The Camry is a very handsome, if often-copied car, on the outside, but it is inside where it really shines. Very simple, yet elegant, in that Toyota way, the dash and console feature beautiful brushed chrome details and very nice inlaid “wood-grain-style,” whatever that is (it is nice looking). Seating is quite comfortable and ample.

The other great thing about a Camry is the way it handles. This isn’t a race car made for the track; rather5 it is an elegant sedan that is responsive, rides stiffly with great feel, and corners without leaning. I wouldn’t say it’s a driver’s-drive; it’s an easy car to drive and handle, I felt safe behind the wheel, and comfortable making quick lane changes. I loved driving it.

The base price for the 2011 Toyota Camry Hybrid is $26,400, an unbelievable price for a car of this nature and quality. On my test-drive model they added $470 for a Comfort Package with heated front seats and outside mirrors; $1,295 for the Leather Package including leather-trimmed upholstery, sliding console and power front seats; $130 for integrated fog lamps; $200 for floor and trunk mats, $69 for a rear-bumper applique, $179 for door sill enhancements (I have no idea), and $2,960 for the Upgrade package, including DVD navigation, backup camera, JBL stereo, hands-free phone capability, all the iPod, etc. connections, lots of speakers, and satellite radio. Add $750 in handling fees and the bottom line is $32,453.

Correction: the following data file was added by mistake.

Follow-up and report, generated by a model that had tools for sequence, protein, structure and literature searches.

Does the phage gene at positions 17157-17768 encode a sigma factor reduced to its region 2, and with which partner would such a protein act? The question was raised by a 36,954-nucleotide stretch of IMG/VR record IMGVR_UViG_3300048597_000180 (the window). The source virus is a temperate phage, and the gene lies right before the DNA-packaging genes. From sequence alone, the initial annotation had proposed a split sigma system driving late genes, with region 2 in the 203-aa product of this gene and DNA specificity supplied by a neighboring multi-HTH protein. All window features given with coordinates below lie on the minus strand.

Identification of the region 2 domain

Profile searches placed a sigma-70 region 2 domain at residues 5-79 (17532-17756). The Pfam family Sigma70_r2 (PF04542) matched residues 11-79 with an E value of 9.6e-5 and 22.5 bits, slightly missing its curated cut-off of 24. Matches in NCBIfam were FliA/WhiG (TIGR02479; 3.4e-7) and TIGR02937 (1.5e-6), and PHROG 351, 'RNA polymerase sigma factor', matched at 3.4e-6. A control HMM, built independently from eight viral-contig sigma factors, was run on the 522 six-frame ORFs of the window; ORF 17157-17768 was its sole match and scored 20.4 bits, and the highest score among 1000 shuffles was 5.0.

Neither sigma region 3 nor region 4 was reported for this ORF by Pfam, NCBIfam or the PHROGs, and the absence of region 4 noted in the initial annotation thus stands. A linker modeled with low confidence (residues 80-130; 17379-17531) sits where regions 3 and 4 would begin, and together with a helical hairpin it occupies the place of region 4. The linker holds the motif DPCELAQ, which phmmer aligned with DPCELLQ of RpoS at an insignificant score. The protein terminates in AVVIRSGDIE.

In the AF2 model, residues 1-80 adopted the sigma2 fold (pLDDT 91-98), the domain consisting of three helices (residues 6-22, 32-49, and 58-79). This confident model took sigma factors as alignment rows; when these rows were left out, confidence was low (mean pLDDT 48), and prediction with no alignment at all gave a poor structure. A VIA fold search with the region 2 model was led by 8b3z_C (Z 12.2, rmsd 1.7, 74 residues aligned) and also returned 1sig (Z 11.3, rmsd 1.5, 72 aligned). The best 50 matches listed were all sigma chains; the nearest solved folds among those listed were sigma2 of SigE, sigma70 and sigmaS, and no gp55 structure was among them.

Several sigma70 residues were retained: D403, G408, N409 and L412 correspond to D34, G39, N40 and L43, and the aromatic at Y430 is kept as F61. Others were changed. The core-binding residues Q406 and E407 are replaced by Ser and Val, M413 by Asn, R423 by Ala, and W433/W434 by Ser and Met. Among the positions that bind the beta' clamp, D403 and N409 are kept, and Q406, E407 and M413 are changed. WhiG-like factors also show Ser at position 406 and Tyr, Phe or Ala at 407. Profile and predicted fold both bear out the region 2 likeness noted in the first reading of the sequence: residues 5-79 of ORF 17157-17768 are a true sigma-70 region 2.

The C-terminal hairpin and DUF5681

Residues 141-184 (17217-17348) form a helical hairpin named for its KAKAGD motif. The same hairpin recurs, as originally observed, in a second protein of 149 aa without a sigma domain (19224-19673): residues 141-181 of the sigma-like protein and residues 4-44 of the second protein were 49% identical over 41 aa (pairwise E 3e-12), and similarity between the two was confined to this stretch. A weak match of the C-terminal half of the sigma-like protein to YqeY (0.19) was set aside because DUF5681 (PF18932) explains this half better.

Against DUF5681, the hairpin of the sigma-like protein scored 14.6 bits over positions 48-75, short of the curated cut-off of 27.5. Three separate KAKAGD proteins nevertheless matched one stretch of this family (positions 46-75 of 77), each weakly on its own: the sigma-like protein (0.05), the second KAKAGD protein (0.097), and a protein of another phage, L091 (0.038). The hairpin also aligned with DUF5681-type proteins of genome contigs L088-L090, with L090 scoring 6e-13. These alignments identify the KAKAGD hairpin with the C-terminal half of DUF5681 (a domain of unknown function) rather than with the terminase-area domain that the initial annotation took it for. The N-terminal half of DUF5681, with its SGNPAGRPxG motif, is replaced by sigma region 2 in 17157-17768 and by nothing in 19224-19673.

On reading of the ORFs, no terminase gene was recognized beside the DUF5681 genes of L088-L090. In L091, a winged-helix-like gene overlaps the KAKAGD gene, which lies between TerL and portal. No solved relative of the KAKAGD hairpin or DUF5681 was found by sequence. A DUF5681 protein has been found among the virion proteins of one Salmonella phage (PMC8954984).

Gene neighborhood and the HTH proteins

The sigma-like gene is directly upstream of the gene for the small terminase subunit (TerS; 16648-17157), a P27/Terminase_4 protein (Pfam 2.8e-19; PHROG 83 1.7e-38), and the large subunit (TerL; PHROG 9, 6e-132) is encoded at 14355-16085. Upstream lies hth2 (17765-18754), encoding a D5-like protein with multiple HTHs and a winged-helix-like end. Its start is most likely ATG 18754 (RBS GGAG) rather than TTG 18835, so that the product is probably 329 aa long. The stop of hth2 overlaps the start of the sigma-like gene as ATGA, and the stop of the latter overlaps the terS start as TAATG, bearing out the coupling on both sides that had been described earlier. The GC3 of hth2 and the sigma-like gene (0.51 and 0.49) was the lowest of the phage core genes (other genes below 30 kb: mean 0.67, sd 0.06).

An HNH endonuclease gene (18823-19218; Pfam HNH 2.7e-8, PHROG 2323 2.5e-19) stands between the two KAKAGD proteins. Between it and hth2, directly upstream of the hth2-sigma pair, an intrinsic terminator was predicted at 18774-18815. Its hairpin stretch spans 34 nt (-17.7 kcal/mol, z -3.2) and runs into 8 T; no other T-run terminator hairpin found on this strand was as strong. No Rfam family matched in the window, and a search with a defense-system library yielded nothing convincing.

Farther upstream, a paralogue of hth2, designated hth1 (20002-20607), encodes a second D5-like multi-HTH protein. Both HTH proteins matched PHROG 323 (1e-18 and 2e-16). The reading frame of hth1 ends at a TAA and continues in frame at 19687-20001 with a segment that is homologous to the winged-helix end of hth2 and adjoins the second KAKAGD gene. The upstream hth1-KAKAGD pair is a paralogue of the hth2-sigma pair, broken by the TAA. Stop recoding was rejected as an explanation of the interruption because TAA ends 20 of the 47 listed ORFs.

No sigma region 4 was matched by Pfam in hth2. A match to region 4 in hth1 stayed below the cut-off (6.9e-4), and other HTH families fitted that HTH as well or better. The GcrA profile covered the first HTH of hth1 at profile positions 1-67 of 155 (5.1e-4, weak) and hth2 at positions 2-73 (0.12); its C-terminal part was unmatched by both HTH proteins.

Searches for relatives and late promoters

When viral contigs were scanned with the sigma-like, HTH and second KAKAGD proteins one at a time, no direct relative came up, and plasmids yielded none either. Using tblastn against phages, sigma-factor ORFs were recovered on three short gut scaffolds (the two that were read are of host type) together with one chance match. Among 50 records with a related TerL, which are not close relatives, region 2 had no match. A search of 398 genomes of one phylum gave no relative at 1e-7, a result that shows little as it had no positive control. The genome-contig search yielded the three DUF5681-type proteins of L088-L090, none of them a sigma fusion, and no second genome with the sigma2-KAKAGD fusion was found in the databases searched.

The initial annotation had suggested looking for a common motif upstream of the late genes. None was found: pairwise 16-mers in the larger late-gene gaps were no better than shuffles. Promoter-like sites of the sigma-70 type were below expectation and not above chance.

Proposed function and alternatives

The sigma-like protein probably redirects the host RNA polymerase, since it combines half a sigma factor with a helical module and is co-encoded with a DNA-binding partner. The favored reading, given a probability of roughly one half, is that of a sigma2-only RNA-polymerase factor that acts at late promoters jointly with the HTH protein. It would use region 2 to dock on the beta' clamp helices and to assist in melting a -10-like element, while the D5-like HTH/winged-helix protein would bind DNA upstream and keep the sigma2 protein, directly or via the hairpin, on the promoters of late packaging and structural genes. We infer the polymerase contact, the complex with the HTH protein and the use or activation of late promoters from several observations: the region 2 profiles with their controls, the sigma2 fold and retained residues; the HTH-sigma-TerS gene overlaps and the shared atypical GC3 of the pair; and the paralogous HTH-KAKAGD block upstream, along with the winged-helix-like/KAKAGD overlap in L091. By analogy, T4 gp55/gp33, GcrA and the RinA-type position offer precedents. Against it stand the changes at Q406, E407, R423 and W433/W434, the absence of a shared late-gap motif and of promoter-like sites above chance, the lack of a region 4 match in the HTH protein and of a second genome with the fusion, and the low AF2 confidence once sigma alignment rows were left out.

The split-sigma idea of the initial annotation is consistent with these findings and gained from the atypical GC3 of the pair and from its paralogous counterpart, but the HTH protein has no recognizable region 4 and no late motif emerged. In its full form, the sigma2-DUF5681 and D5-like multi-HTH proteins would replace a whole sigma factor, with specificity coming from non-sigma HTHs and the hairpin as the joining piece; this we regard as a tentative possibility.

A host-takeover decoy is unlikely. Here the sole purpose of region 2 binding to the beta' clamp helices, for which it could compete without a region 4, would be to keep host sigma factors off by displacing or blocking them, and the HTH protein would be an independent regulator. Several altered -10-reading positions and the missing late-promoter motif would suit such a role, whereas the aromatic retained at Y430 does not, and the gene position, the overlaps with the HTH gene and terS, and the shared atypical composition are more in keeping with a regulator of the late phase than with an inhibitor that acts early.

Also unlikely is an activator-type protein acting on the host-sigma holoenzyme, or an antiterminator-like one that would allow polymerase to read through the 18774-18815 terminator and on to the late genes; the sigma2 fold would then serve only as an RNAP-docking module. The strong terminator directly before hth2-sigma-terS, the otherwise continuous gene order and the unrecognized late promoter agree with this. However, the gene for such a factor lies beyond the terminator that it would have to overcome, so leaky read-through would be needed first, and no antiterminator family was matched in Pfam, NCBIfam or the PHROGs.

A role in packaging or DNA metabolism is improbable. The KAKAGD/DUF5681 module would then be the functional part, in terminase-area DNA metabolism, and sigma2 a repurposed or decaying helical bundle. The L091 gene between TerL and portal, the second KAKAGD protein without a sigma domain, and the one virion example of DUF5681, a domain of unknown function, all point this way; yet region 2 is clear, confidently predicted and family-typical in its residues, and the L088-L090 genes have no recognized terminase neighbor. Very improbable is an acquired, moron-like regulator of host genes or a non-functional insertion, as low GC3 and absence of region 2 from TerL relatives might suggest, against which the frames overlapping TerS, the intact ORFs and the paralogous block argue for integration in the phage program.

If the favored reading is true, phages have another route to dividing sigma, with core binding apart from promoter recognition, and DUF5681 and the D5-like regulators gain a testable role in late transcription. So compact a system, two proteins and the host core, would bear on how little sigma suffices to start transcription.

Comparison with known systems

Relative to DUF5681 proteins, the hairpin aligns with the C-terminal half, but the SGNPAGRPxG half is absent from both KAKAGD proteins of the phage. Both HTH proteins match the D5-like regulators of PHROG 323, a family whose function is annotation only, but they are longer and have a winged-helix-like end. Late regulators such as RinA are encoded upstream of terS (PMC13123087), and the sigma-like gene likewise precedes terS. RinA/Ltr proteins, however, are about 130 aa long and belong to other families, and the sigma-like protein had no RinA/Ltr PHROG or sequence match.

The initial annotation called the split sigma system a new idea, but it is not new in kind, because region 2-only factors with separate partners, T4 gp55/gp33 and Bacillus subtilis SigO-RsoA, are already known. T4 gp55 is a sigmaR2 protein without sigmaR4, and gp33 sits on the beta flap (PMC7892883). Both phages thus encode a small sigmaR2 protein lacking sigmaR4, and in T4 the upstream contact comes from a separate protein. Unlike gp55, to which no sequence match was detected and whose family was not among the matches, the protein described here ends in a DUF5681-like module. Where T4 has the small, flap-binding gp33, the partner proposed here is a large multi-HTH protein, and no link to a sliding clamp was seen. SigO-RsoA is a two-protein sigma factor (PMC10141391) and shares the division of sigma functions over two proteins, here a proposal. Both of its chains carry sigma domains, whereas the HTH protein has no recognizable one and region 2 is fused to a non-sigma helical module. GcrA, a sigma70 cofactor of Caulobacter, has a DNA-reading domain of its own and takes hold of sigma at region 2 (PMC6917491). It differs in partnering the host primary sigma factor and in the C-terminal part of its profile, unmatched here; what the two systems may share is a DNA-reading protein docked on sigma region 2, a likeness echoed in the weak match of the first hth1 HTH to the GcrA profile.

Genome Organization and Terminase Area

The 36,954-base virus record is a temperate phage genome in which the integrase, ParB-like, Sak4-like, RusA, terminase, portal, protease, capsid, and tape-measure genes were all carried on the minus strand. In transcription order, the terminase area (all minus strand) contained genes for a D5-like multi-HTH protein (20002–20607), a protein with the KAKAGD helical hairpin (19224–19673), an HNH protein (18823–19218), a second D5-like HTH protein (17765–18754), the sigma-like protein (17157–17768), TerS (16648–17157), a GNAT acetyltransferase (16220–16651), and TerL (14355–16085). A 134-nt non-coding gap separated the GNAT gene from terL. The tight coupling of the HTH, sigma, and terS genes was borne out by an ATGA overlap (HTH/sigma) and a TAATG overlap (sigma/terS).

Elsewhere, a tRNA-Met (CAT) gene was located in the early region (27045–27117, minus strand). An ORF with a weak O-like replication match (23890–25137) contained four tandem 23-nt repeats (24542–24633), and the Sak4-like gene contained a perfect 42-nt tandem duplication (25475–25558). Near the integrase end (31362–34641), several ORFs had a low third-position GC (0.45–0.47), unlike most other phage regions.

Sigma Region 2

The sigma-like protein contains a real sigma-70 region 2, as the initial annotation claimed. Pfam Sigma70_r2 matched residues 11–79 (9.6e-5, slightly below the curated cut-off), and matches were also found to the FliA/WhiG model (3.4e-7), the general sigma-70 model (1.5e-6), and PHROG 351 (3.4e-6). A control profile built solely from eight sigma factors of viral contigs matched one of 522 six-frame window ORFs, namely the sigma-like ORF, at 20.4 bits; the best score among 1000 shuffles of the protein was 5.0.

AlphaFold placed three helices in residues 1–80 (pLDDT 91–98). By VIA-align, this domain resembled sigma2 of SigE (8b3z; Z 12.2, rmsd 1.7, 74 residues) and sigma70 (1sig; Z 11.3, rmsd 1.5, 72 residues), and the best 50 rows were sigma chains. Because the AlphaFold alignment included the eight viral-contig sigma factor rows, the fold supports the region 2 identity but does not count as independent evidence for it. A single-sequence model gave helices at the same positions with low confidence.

The price compares very favorably with the highest-priced gas-powered Camry (the SE V6 6-AT has a base price of $26,040), it is a very beautiful car inside and out, the hybrid system is excellent, the room is amazing, the luxury just right. I have driven cars I liked a lot less that cost, easily, ten grand more.

My theory is that every car maker on earth should make a mid-sized hybrid sedan. And just as they have done for the past 30 years, they can look to the Camry as the measure of excellence.